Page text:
Netflix Mini-Series "The Most Hated Man On The Internet" Debuts Bringing Hunter Moore Out From Under A Rock


The Netflix Inc NFLX three-part true crime series, “The Most Hated Man On The Internet,” debuted on Wednesday dragging convicted criminal Hunter Moore back in from the shadows.

Moore, who called himself “a professional life ruiner,” ran a revenge porn website, Is Anyone Up? where users could anonymously post naked photographs of people without their consent. also acted as a doxxing website, where information such as the victim’s phone numbers, links to social media sites and home and work addresses were posted alongside their photographs, making the victim’s explicit photographs easy to be found on Google, owned by Alphabet Inc GOOG GOOGL, with a simple search of their name.

The Crime: Moore, whose website was protected under the same laws that protected Meta Platforms Inc META at the time, was arrested by the FBI after evidence was compiled proving Moore paid hacker Charles Evens to steal explicit images from some of the victim’s private email accounts, which Moore then posted to the site, which was illegal.

“Is Anyone Up?”, which was live for 16 months between 2010 and 2012 and at its height of popularity brought in 350,000 visitors per day, was sold in 2012 to an anti-bullying website owned by web entrepreneur James McGibney.

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The Hero: Thanks in a large part to author, activist, crime sleuth and mom-extraordinaire Charlotte Laws, whose daughter Kayla Laws was a victim of Moore and his accomplice Evens, Moore was indicted in California on Jan. 23, 2014, on charges of conspiracy, unauthorized access to a protected computer, and aggravated identity theft.

Charlotte Laws, who worked tirelessly to prove Moore’s crimes, even after her attorney husband had their daughter’s images removed from the website, provided two years’ worth of evidence she had collected to the FBI, including the accounts of 40 other victims of hacking she had spoken to.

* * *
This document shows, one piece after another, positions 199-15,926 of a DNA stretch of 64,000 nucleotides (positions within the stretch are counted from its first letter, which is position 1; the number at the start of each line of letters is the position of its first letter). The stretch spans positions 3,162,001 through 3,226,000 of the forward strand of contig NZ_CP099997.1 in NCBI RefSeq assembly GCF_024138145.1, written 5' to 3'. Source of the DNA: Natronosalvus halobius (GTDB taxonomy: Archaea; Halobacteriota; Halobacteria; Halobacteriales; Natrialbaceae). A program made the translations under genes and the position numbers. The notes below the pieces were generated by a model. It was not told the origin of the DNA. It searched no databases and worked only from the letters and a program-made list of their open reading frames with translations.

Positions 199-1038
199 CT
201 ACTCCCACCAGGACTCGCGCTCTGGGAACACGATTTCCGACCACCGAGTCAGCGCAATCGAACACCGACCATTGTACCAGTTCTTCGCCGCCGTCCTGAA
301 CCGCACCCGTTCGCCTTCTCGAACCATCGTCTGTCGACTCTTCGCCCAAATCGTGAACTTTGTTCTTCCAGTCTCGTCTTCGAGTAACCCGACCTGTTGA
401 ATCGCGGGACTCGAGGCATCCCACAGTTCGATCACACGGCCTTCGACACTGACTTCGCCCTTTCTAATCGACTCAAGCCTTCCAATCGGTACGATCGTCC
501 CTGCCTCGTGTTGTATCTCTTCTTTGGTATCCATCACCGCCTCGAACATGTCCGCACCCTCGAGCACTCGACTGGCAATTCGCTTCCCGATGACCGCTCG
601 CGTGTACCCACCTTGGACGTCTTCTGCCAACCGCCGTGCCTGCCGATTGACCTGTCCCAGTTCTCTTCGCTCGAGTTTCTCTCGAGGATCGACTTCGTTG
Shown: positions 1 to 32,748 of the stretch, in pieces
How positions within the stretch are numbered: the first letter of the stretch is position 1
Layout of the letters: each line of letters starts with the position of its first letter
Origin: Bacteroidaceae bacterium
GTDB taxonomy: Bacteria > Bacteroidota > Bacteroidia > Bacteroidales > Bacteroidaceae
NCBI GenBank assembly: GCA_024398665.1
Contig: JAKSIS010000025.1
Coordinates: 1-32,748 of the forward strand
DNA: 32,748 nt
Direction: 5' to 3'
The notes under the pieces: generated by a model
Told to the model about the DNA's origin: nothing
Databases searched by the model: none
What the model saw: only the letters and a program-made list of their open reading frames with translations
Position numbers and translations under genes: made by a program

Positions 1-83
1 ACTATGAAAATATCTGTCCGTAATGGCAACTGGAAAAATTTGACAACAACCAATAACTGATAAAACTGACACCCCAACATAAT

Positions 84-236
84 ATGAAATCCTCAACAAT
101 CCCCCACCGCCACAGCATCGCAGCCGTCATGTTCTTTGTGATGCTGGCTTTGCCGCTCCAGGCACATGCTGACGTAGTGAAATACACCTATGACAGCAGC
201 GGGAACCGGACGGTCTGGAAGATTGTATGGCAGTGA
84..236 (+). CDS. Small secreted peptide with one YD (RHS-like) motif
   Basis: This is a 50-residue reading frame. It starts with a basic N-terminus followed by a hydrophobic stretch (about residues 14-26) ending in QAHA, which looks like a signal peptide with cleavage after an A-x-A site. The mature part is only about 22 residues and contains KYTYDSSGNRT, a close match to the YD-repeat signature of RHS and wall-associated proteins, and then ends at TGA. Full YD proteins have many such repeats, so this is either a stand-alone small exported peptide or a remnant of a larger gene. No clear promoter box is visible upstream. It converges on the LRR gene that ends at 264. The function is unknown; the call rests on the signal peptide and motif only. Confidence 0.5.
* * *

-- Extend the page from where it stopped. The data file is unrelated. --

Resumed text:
In February 2015, Moore pled guilty to aggravated identity theft and aiding and abetting in the unauthorized access of a computer. He was sentenced to two-and-a-half years in federal prison and three years of supervised release.

What’s Moore Up To Now? Although Moore is banned from Facebook, he might be active on Twitter under the handle @_iamhuntermoore, where the account owner calls himself a “small town Christian boy, complains about cancel culture and posts pictures of himself with his pets.

On Tuesday, the account posted an image of the Netflix series with the caption “Tomorrow” under which the comments gave, unfortunately yet unsurprisingly, mixed reviews on Moore’s crimes.

Also unsurprisingly, @_iamhuntermoore’s follower count has grown by about 600 since late Wednesday evening, a sign of the times where despite mass movements such as #MeToo, men who take pleasure in degrading women continue to be admired.

The Benzinga Take: The Netflix series does focus on the victims and the dedication of Charlotte Law, although its unclear if that would have been the case if Moore hadn’t backed out of appearing in the documentary. 

Despite his refusal, the film will probably bring Moore further fame for his crimes without having to publicly answer them, perhaps the outrage it also brings will force lawmakers to look at revenge porn more seriously.


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